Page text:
Knighten Guild now called Portsoken Ward. King Edgar gave it to thirteen knights on the following conditions:- (1) Each knight was to be victorious in three combats- one above-ground, one underground, and one in the water; and (2) each knight was, on a given day, to run with spears against all comers in East Smithfield. William the Conqueror confirmed the same unto the heirs of these knights. Henry I. gave it to the canons of Holy Trinity, and acquitted it “of all service.”

Knipperdollings A set of German heretics about the time of the Reformation, disciples of a man named Bernard Knipperdolling. (Blount: Glossographia, 1681.)

Knock Under (To). Johnson says this expression arose from a custom once common of knocking under the table when any guest wished to acknowledge himself beaten in argument. Another derivation is knuckle under- i.e. to knuckle or bend the knuckle or knee in proof of submission. Bellenden Kerr says it is Te nock ander, which he interprets “I am forced to yield.”

Knocked into a Cocked Hat Thoroughly beaten; altered beyond recognition; hors de combat. A cocked- hat, folded into a chapeau bras, is crushed out of all shape.

Knockers Goblins who dwell in mines, and point out rich veins of lead and silver. In Cardiganshire the miners attribute the strange noises so frequently heard in mines to these spirits, which are sometimes called coblyns (German, kobolds).

Knot (Latin nodus, French naeud, Danish knude, Dutch knot, Anglo-Saxon cnotta, allied to knit.)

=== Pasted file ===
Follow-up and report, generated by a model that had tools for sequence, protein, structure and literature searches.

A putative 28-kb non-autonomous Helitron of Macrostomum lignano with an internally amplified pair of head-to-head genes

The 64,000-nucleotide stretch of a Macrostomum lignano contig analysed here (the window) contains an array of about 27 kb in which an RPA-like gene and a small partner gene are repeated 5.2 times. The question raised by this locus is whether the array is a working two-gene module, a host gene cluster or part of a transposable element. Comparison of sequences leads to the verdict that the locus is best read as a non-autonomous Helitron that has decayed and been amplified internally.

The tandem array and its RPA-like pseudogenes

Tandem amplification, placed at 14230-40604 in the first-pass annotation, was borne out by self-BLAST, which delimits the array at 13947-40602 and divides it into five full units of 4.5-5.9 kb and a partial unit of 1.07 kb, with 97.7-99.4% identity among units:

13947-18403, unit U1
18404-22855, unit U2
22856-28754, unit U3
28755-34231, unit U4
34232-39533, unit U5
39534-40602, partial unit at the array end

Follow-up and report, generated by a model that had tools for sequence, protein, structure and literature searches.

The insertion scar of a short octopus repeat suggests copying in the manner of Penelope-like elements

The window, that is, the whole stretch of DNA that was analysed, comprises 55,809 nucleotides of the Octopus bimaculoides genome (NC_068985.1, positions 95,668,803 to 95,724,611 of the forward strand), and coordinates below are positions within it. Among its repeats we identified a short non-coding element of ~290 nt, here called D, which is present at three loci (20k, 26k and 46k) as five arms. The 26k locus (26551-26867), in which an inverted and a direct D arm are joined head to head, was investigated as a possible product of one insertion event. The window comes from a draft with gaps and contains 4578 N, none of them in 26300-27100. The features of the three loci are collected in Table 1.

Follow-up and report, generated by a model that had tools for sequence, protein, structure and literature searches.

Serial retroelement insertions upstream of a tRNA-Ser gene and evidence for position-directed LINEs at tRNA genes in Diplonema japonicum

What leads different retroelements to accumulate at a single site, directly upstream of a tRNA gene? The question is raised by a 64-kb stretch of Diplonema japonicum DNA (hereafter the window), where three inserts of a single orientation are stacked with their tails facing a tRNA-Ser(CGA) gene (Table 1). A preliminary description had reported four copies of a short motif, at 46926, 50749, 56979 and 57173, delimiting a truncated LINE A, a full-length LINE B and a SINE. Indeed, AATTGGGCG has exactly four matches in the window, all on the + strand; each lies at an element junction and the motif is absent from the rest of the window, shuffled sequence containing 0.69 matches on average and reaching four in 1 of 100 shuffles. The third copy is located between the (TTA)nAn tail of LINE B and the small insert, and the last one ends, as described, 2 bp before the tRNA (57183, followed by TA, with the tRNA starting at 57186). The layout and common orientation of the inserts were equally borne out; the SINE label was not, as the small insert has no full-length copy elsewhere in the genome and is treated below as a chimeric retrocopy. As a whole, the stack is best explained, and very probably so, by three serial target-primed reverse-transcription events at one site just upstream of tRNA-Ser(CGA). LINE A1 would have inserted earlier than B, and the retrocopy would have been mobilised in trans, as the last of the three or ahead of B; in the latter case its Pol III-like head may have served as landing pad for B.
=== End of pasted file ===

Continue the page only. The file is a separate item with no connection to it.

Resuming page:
He has tied a knot with his tongue he cannot untie with his teeth. He has got married. He has tied the marriage knot by saying, “I take thee for my wedded wife,” etc., but the knot is not to be untied so easily.
   The Gordian knot. (See Gordian.)
   The marriage knot. (See Marriage.)
   The ship went six or seven knots an hour. Miles. The log-line is divided into lengths by knots, each length is the same proportion of a nautical mile as half a minute is of an hour. The log-line being cast over, note is taken of the number of knots run out in half a minute, and this number shows the rate per hour.
    The length of a knot is 47'33 feet when used with a 28-second glass, but 50'75 feet when the glass runs 30 seconds.
   True lovers' knot. Sir Thomas Browne thinks the knot owes its origin to the nodus Herculanus, a snaky complication in the caduceus or rod of Mercury, in which form the woollen girdle of the Greek brides was fastened.
   To seek for a knot in a rush. Seeking for something that does not exist. Not a very wise phrase, seeing there are jointed rushes, probably not known when the proverb was first current. The Juncus acutiflorus, the Juncus lampocarpus, the Juncus obtusiflorus, and the Juncus polycephalus, are all jointed rushes.

  By PanEris using Melati.

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